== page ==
In actuality, there has been a problem with CB08 coding for a while. When Basic Skills Initiative moneys were first distributed, several colleges were found, based on their MIS reporting, to have no basic skills courses. Since the BSI moneys were divvied up based on basic skills course FTES, the colleges that got nothing quickly noticed something was wrong. The problem was in their coding for CB08. By definition, a basic skills course cannot be degree-applicable. Some colleges coded all credit courses as degree-applicable - hence, the lack of basic skills courses in their MIS reporting.
Not surprisingly, these colleges quickly attended to aspects of the miscoding of CB08 in order to garner their fair share of basic skills moneys. What the recent attention to CB21 has brought to light, however, is that a significant number of courses are still being miscoded under CB08. One point of confusion is the fact that the community colleges continue to have courses below transfer level that satisfy the requirement for an associate degree and are hence degree-applicable. At the current time, in English, this includes a course one level below freshman composition; and in mathematics, this includes both courses at the level of intermediate and elementary algebra. (Note: With the change in associate degree requirements in Fall 2009, more colleges will probably elect to restrict degree-applicability to Freshman composition and intermediate algebra.) Now you may be thinking, "Well, too bad for them. If they are still miscoding courses, they deserve to lose the additional basic skills moneys they might otherwise be getting." However, the problem is more than just money (although it's hard to imagine any problem bigger than money at the current time). The problem is even more than compliance with Title 5. The problem is also data.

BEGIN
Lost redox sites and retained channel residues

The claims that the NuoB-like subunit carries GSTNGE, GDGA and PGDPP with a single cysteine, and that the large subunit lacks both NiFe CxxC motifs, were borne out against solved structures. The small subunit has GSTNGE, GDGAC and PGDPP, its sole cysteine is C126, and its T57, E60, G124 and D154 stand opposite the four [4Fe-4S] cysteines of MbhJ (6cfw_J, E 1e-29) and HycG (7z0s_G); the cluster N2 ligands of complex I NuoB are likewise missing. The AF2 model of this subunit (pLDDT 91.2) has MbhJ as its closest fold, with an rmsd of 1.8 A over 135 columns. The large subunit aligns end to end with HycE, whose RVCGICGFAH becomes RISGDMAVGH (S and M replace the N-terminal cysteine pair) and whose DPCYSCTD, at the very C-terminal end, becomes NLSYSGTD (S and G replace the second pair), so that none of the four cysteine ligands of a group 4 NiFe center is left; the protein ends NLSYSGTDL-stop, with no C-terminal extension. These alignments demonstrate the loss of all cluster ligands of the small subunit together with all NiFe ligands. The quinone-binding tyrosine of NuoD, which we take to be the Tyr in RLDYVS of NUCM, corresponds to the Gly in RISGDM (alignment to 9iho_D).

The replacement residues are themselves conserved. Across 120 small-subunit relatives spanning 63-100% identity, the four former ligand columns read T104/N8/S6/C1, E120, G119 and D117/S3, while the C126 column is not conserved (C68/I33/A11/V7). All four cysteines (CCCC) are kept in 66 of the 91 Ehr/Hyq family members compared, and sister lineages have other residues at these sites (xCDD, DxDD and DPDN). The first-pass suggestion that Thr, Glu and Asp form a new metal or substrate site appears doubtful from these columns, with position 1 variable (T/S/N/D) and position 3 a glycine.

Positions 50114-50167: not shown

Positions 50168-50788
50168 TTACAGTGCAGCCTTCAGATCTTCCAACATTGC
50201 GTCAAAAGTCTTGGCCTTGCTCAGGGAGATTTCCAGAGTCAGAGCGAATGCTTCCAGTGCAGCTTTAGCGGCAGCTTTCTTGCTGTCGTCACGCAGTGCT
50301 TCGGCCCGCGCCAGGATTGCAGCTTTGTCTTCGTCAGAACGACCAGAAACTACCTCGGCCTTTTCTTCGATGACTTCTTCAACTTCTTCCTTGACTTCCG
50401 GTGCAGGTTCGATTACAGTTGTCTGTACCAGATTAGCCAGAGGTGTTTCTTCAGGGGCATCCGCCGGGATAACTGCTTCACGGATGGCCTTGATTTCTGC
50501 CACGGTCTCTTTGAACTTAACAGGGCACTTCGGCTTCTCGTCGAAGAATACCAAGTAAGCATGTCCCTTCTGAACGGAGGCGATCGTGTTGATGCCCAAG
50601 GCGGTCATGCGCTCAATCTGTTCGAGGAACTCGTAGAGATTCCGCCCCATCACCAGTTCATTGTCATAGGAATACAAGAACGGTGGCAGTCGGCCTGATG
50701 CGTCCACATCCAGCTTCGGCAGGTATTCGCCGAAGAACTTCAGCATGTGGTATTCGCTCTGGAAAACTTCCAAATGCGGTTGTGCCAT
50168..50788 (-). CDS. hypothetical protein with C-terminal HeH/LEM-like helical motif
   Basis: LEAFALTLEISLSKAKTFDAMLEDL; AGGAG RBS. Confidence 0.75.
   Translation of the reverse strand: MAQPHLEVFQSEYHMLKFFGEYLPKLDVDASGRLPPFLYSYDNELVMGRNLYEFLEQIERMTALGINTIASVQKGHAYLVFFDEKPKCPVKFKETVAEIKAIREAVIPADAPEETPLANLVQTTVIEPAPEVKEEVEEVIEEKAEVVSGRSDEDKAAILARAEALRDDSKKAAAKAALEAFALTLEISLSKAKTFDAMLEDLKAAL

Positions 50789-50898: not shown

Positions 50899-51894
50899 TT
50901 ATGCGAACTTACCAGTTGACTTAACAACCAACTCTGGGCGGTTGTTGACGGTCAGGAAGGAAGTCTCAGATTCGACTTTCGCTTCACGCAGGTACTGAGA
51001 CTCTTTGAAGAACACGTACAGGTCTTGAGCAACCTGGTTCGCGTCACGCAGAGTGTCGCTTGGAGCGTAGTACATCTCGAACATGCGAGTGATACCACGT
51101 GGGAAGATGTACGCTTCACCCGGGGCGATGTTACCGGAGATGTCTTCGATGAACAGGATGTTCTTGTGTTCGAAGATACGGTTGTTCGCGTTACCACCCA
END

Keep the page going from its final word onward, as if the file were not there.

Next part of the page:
In an initial review of CB08 coding, the Academic Senate found that courses as low as third-grade arithmetic, and even noncredit courses, were being inaccurately coded as degree-applicable. In a follow up research study, the Academic Senate took the mathematics coding that was currently entered and looked to see what would happen with the data when the CB08 coding was corrected. The results showed a significant change in the success rates for basic skills mathematics. For the 11 colleges with the lowest basic skills success rates last year, the corrected coding indicated significantly higher success rates in basic skills mathematics.
With a great sigh, you are probably now asking what this tale of two data elements is leading to. The first message is to alert you to the need for basic skills faculty to work with their MIS departments and others in the review of coding for CB21 and CB08 this coming fall. The benefit of improved coding is better data that will show how our work through the Basic Skills Initiative is actually helping our students to better succeed, thereby laying the groundwork for increased funding in the future. The danger in not attending to the coding is the generation of inaccurate data that may mislead your college as to how well students are learning and succeeding.
The broader message is simply a reminder that everything we do is interconnected. Nothing really functions in isolation, and we would be foolish to ever assume so.
Our friend finally repainted the walls and fixed up the base boards. Now he realizes how badly he needs to reupholster the couch.
The articles published in the Rostrum do not necessarily represent the adopted positions of the academic senate. For adopted positions and recommendations, please browse this website.